• Toluene, an irritating and highly flammable solvent. It is commonly used in printing inks, adhesives, thinners and varnishes.
  • Hydrogen cyanide, a substance known as the deadly gas used in concentration camps during World War II.

Nicotine is a highly addictive substance that is quickly absorbed from the lungs into the bloodstream.

Nicotine is a toxic, clear, tasteless and alkaline substance that interacts with nicotine receptors.  Nicotine receptors are found everywhere in the central and peripheral nervous systems, especially in the thalamus. Nicotine attaches to these receptors, releasing various feel-good hormones (dopamine, endorphins).

Nicotine is rapidly absorbed from the lungs into the bloodstream. Nicotine molecules are capable of travelling to the brain in a matter of seconds.  Nicotine is metabolised in the liver and excreted in the urine through the kidneys.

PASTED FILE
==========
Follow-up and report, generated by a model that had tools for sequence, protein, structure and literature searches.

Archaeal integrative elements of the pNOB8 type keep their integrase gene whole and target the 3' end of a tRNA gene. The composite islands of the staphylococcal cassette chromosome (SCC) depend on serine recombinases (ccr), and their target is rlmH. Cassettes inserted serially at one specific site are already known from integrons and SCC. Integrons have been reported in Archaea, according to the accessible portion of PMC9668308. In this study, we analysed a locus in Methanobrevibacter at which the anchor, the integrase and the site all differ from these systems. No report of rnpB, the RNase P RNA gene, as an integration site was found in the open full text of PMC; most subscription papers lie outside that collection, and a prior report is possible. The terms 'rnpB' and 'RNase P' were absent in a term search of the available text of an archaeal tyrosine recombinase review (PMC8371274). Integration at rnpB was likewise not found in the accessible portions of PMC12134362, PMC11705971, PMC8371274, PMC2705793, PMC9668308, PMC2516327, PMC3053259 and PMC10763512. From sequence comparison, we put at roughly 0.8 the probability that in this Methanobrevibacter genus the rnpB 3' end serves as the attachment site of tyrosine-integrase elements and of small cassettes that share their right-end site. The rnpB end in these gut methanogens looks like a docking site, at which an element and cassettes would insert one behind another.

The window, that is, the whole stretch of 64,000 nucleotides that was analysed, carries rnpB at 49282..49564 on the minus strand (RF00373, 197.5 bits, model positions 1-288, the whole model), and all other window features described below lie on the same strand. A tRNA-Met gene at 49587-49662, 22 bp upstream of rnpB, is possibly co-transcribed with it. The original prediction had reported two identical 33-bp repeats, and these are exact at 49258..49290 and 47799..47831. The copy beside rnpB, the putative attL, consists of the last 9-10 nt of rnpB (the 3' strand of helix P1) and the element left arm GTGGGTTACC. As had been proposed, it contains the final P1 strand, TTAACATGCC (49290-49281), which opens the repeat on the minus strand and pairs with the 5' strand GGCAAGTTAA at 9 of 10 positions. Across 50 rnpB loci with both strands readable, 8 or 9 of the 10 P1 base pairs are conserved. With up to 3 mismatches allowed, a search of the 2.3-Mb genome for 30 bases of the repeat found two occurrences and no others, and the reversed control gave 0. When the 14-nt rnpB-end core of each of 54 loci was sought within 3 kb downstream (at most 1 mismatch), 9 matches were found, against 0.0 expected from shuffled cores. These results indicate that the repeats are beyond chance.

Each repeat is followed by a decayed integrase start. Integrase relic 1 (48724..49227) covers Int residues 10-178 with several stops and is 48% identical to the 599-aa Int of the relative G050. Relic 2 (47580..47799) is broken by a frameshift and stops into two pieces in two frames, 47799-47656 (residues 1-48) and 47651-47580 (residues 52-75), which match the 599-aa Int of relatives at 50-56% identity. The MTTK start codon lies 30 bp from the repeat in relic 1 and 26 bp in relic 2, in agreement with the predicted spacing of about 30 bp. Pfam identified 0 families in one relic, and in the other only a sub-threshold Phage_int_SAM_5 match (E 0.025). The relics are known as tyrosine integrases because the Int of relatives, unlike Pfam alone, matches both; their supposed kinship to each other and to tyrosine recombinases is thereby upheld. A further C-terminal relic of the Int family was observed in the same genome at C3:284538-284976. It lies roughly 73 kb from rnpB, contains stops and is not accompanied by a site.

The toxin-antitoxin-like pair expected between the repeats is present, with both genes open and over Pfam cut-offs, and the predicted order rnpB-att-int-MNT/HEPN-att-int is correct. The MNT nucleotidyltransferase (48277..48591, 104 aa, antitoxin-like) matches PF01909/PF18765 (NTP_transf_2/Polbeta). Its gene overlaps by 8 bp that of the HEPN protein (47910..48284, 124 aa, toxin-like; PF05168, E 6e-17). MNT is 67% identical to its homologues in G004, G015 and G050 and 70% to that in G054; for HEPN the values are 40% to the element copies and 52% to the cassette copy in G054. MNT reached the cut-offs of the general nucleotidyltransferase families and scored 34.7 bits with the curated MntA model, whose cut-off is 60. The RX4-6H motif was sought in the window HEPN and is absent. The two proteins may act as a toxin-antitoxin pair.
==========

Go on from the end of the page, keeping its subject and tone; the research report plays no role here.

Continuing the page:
The body’s nicotine levels decrease quite rapidly. After about two hours, only 50% of the amount of nicotine obtained by smoking remains (the half-life of nicotine). This results in nicotine addiction, meaning that the central nervous system will require a sufficient amount of nicotine to function normally. Without nicotine, the person will experience withdrawal symptoms until the brain relearns to function without nicotine.

Nicotine has acute toxic effects if ingested, or if large quantities of it come into contact with the skin or eyes. Symptoms of nicotine poisoning include nausea, vomiting, headaches and tremors. With high quantities, symptoms may also include low blood pressure, fast, slow or irregular pulse and difficulty breathing.

Studies on animals have shown that nicotine kills and alters cells in those areas of the brain that are linked to behaviour, memory and learning. Studies on animals have also shown that nicotine contributes to the development of cancers.

Effects of quitting smoking

  • Within two hours: Smoking increases the heart rate. The heart rate will start to go back to normal 20 minutes after smoking. About two hours after smoking, the heart rate will be down to normal.
  • Within 24 hours: Carbon monoxide will be eliminated from the body almost completely.
  • Within 48 hours: Nicotine will be eliminated from the body almost completely. The sense of smell and taste will begin to improve.